That always helps. I wash my hands a lot when I'm working on game stuff, because I don't like stuff like Cheeto dust getting on my campaign notes. I like to write my stuff up by hand. The same thing goes for minis, dirt, oil, sweat and all kinds of crap can mess up a paint job.

    the pliers on the left hand side are there because the old GW paintpots are less than cooperative when it comes to opening once paint dries in the grooves of the caps.
    I've been there. I learned the hard way to be careful with the pliers too, because too much pressure can crush in part of the lid, and then it builds up rust which contaminates the paint. When a lid is stuck, I usually dip on of the junk brushes in my wash solution, and rub it around the inside of the lid to soften it up a bit first. If the dried paint isn't too bad, sometimes that even does the trick.


    You also need at least 2 cups of brush water that you are willing to sacrifice to the cause, I use disposable red party cups.
    I use water with a little bit of alcohol and soap added to help clean up the brush.

    Quote Originally Posted by tallyrand View Post

    Thou Shalt Not Leave Thine Brushes Sitting in the Water.
    I don't even let go of the brushes when I'm cleaning them off and let the tips touch the bottom of the cup for that reason. I just swirl the brush around real good, wipe it off on a paper towel and repeat until there's not color left. Then I dry the brush off really good, because the excess water will thin the paint out and weaken the coverage.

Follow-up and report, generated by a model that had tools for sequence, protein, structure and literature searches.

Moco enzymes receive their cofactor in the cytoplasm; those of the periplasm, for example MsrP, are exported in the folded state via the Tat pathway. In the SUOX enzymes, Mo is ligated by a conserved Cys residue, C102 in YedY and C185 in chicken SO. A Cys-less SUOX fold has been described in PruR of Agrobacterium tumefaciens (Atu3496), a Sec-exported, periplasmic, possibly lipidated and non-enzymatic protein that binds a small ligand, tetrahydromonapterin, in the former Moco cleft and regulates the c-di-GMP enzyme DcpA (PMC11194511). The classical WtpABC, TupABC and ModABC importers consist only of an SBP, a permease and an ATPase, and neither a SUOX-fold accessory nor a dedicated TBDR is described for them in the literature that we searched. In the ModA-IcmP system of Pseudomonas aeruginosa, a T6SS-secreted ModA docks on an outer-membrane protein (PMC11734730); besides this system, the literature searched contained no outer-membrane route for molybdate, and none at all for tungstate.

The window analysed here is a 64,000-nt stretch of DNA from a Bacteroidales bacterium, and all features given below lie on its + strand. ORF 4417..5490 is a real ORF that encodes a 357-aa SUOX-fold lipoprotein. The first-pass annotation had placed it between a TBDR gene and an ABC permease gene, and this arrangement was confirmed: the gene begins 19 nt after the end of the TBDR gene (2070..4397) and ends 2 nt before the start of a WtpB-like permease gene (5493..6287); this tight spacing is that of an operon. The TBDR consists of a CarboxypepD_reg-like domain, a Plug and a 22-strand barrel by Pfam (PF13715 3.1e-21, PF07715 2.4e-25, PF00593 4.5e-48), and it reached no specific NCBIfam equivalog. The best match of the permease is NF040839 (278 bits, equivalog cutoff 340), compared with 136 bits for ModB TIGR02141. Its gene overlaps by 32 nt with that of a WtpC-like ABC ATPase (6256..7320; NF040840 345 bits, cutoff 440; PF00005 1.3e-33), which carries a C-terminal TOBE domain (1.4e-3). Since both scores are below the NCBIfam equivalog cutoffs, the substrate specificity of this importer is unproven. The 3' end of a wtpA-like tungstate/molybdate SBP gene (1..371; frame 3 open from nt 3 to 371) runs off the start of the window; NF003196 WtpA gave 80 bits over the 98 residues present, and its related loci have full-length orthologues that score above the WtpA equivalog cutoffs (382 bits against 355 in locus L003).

If I had a working digital camera, I'd probably share some of my better paint jobs in this thread.
    PbP info here: http://www.enworld.org/forum/5396456-post81.html

  • #24
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    I tried out the black/greybrushing this weekend with some solid results!

    As soon as I get some batteries in my camera I'll post some pics. The black really darkened up the minis quite nicely; I often felt the white basecoat left a "bright sheen" making the mini seem to have no depth.

    My skill is still amature at best, but these techniques did seem to help quite a bit! Thanks!
    SAVE HOBART!

  • #25
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    Where did this thread go? I was really enjoying it and the timing couldn't have been better. I'm trying to build up a ton of mini's for my new campaign and was interested in trying these methods.

  • #26
    What with one thing or another, I've been letting things slack off here. I have a batch of re-painted-pre-painted plastic minis that I'll put up in the next couple of days.

    I have yet to find a way to successfully strip these things, so they are all primed over the origional paint job.

    Currently I'm working on a technique for enhancing a pre-painted palstic mini without doing a full re paint, certainly this is a focus on speed over quality, but I have had a couple of interestig results.

    I was reading over on the Reaper boards, and believe me, some of those guys are hard core, and a couple things they do is wet blending, and use really thin paints with all kinds of flow extenders and such added that they say it can take hours or even days for the paint to dry. One solution they have to this, in order to protect the model, is they will hit the mini with a matte sealer between their different painting stages.